A proposed development on Spring Lake could would bring 100 homes near Sunset Avenue and Marschall Road but has raised concerns among neighbors that it could harm wildlife habitat and add unwanted chaos to an otherwise tame locale.
John Anderson, representing Winkler Development Company, described his idea to develop the land at the Planning Commission meeting Monday. The developer is looking to add 100 lots for single-family homes and a dock of up to 100 boat slips, though the number of slips hasn't been decided, Anderson said.
According to Jeff Matzke, city planner, it will be months before any action is taken. The City Council plans to discuss the development at its July 15 regular meeting.
“We’ve had a lot of people call concerned about the boat slips impacting the environment, but the city doesn’t have a lot of details because it’s a concept plan at this point,” Matzke said.
An environmental impact study is required for developments if certain thresholds are met, such as tree density and acreage. Matzke said it’s not likely that the 65-acres of land will require an environmental impact study, which is typically reserved for larger developments.
“There are more questions than answers at this point,” Matzke said.
Anderson, who lives in Prior Lake, told the commissioners that the developer plans to preserve “quite a few” trees. It will likely have to remove cattails to develop the proposed boat slips.
The boat slips would come off the corner of the wetlands. The conceptual layout on a rendering provided to the commissioner does not show a final design but rather a rough sketch of what the development might look like.
“There’s a possibility that we could clear in that area and put picnic tables there,” Anderson said.
The development would preserve about half of the land as wetlands, stormwater-treatment basins and other open space, including a trail, Anderson said. A large area along the lakeside that is submerged during high water and is covered in cattails would largely be left alone, he added.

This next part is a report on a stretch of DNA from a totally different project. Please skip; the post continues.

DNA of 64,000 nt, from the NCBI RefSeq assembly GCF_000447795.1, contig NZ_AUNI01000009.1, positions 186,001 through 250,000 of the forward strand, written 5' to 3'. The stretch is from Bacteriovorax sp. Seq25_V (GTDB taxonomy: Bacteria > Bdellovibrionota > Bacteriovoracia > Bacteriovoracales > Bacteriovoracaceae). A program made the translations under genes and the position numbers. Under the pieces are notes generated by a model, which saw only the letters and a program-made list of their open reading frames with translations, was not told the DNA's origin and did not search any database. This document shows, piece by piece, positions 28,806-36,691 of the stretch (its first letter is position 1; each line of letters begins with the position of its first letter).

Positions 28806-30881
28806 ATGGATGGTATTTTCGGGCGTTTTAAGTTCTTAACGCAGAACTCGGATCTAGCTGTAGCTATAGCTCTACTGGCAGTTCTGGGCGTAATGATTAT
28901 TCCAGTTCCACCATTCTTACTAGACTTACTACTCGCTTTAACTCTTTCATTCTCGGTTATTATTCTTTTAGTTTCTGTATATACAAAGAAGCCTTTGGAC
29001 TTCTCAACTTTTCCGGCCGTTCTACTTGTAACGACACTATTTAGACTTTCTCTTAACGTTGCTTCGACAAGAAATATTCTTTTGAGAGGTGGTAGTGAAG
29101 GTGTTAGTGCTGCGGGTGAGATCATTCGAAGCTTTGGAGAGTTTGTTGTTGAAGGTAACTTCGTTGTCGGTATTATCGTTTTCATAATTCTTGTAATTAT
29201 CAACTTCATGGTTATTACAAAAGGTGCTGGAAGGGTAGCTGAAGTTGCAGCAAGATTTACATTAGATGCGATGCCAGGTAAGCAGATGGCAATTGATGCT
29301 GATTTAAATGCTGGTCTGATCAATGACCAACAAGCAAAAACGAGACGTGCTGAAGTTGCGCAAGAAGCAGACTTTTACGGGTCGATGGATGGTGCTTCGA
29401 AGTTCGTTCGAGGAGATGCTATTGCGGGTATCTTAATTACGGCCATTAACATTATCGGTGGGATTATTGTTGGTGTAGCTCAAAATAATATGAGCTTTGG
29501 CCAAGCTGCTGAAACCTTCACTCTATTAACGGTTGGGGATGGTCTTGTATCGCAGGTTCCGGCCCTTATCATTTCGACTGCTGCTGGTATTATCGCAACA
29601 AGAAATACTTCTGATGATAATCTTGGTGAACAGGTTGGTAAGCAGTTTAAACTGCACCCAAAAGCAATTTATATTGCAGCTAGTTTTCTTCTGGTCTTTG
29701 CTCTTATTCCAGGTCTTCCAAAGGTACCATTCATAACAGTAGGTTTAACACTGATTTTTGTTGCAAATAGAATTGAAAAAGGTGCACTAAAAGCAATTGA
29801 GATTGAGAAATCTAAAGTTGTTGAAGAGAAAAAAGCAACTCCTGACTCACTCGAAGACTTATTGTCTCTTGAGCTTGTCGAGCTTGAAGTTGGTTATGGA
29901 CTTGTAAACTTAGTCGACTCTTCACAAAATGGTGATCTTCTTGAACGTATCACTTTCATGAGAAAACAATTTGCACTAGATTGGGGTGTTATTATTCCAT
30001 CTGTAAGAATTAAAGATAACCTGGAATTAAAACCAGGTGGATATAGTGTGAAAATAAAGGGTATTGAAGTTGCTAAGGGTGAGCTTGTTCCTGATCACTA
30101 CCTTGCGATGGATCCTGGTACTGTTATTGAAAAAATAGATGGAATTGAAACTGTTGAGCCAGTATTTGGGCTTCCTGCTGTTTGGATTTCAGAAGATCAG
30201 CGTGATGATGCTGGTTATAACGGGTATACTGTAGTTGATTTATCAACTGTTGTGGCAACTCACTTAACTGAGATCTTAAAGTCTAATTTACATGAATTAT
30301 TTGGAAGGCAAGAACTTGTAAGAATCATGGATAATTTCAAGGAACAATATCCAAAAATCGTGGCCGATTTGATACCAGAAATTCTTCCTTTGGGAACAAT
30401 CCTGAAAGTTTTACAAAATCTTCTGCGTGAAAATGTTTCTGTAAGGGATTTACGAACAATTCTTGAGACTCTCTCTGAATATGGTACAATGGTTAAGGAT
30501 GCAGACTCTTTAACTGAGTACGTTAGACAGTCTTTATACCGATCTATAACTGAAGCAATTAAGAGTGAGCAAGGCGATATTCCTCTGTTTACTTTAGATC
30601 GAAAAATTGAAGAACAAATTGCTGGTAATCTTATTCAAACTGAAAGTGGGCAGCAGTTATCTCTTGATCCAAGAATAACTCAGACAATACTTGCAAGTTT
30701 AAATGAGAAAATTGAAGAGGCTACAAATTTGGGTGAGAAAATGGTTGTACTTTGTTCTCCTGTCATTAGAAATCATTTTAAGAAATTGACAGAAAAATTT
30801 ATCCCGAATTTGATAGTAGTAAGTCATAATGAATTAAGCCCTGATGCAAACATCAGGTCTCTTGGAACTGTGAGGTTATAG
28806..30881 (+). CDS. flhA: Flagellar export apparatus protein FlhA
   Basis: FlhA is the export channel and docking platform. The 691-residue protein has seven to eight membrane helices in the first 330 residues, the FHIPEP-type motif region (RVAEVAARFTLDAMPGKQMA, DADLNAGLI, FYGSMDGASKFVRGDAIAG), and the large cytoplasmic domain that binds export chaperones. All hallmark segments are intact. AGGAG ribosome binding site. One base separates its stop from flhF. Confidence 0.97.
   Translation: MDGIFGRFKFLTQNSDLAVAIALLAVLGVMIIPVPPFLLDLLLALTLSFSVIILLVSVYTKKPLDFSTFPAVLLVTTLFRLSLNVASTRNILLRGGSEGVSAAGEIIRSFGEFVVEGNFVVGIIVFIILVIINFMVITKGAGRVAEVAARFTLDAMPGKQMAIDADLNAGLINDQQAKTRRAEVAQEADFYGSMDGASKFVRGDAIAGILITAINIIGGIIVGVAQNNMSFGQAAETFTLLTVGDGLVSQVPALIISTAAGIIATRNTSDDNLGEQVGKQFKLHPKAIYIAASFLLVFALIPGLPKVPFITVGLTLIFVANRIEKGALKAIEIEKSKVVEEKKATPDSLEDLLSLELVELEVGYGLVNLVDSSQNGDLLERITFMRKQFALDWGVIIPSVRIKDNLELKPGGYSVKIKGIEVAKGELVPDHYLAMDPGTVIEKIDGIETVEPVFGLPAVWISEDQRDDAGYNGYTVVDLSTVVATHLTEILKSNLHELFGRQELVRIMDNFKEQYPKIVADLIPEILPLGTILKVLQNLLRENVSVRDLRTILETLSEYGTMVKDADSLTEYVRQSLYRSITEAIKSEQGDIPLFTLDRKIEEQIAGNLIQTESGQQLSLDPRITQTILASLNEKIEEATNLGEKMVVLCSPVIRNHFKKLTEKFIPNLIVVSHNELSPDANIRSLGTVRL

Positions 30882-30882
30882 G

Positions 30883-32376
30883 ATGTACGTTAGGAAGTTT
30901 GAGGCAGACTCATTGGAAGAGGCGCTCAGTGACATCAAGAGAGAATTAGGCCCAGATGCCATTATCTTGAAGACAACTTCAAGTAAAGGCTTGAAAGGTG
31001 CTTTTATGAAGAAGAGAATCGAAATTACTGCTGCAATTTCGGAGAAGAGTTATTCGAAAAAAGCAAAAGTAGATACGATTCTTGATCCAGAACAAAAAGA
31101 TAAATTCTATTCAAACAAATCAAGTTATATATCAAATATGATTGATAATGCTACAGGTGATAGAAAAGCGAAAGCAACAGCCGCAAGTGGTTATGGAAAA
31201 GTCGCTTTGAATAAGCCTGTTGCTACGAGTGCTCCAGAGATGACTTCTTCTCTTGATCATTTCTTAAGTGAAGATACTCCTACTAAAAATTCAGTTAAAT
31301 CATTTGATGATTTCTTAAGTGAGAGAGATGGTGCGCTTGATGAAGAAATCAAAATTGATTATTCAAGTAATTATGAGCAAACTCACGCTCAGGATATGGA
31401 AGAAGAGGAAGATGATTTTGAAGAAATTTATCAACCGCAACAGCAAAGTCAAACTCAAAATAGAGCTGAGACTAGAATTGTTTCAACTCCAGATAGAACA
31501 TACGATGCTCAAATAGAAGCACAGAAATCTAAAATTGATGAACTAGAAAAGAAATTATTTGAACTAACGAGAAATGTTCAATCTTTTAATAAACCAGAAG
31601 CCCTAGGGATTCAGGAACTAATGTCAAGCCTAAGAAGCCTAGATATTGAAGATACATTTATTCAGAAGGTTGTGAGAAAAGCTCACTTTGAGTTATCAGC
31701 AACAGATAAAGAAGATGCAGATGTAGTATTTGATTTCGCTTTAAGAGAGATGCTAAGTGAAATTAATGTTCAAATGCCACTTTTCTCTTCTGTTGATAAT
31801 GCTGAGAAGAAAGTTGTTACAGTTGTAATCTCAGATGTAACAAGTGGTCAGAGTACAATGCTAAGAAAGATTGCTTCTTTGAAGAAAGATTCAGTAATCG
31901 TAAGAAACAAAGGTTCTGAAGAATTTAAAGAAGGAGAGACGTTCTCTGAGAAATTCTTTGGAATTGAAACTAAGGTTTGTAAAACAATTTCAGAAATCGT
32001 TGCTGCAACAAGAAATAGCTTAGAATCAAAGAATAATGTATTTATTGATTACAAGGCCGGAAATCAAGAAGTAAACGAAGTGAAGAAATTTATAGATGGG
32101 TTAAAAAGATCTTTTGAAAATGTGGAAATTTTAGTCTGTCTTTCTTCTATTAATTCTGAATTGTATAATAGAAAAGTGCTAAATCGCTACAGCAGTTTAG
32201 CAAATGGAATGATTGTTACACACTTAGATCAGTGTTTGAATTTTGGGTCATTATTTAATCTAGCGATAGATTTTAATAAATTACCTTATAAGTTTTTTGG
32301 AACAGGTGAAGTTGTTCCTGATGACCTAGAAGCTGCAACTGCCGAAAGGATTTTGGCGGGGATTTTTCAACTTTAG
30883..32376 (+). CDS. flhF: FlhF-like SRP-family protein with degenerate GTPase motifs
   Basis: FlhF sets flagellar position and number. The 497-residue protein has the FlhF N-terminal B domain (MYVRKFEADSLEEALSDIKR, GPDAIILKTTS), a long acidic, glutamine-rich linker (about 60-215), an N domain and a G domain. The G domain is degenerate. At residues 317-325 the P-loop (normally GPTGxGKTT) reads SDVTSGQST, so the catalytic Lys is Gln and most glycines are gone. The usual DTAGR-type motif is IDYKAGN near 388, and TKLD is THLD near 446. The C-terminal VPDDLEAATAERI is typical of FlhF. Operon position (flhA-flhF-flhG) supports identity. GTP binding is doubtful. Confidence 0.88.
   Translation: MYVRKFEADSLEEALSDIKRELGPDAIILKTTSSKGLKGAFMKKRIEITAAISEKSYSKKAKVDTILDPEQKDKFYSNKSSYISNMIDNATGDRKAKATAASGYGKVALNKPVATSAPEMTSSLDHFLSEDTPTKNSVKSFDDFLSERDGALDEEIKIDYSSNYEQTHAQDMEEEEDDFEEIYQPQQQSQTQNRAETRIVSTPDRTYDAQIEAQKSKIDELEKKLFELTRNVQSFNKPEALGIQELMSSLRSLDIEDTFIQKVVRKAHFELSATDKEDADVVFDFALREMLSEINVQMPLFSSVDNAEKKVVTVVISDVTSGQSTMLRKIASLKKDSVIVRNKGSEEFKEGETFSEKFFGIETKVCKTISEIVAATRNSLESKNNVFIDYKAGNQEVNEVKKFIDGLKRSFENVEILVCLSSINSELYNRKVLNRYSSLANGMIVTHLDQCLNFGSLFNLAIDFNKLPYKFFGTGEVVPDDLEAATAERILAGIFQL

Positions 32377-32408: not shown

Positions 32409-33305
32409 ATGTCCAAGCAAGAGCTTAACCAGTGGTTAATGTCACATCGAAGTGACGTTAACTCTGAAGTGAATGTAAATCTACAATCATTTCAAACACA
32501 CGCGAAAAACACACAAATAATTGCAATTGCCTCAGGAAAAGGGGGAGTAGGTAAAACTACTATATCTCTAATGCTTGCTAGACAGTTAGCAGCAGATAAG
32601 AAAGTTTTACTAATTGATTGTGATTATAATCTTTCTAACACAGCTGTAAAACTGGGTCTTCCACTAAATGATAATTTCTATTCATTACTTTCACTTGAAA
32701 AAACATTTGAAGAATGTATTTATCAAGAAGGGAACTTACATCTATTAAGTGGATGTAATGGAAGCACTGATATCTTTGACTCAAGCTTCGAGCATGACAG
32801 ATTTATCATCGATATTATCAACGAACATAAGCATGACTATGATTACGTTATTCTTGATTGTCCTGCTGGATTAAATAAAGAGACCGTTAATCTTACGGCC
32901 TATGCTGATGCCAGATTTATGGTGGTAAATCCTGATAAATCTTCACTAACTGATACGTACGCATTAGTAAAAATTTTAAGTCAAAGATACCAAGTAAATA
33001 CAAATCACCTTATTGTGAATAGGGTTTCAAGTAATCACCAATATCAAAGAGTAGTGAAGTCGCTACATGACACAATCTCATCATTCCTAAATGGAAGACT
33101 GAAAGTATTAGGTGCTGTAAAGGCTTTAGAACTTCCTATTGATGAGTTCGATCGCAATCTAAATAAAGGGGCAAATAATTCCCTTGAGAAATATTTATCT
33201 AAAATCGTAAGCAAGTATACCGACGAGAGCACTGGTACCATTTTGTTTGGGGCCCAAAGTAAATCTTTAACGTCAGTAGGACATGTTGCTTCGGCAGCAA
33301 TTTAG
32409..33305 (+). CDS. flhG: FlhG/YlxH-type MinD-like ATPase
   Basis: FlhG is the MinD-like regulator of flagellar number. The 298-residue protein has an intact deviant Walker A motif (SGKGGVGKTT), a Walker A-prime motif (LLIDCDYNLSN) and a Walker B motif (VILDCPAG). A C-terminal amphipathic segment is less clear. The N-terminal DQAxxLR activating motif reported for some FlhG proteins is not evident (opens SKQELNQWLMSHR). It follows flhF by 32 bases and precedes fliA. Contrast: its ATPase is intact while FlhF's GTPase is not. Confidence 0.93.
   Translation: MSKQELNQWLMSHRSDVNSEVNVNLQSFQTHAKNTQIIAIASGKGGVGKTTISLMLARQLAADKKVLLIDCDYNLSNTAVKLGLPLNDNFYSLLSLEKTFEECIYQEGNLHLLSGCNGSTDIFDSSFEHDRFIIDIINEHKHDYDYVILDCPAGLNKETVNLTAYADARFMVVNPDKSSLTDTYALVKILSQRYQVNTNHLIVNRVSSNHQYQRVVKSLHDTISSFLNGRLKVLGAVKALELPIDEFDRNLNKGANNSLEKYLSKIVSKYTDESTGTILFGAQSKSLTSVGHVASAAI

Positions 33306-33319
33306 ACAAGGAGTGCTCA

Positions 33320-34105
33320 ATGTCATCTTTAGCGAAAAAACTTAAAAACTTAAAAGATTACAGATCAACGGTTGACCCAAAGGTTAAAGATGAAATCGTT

Lot construction would likely would run through 2021, potentially starting this winter, Anderson said. Home-building could continue in the years after.
Christopher Crowhurst, a member of the Spring Lake Association, said he moved to Spring Lake so he and his wife could kayak in a safe, low-traffic area. He believes the potential development threatens the lake’s serenity, safety and habitats. An additional 100 slips on the lake would mean “effectively 40% more boats on the lake,” he said.
Spring Lake already has a little more than 200 homes and 50 additional docks, plus a small public boat launch, Crowhurst said. Spring Lake’s surface area is 587 acres, according to the Prior Lake-Spring Lake Watershed District.
If 250 boats were on the lake at once, that would leave roughly two acres’ surface area per boat. According to a report by the United States Army Corps of Engineers, boat traffic density poses the highest risk of accidents and conflict when there are fewer than 10 acres of surface area per boat.
“Adding 100 boat slips would radically change the lake’s character,” Crowhurst said. “It would result in more accidents and conflict.”
The wetlands and cattail area are a nesting place for heron and cranes, the latter including several threatened and endangered species, he added.
“A plethora of small wildlife lives in that area,” Crowhurst said. “You have beavers, otters, turtles — it’s a natural beautiful habitat for the lake. ... You’re asking for a proliferation of environmental damage.”
Correction, 4 p.m. Monday, July 15: The original version of this article contained several errors and misstatements. The Spring Lake development could include up to 100 boat slips based on its lake frontage, but a specific number hasn't been proposed. One boat slip per 18 or so feet of shoreline is allowed; that figure doesn't represent a boat slip's square footage. Anderson said brush, not trees, might be removed for picnic tables. Much of the land's wetlands and cattails would be left alone under the concept he presented.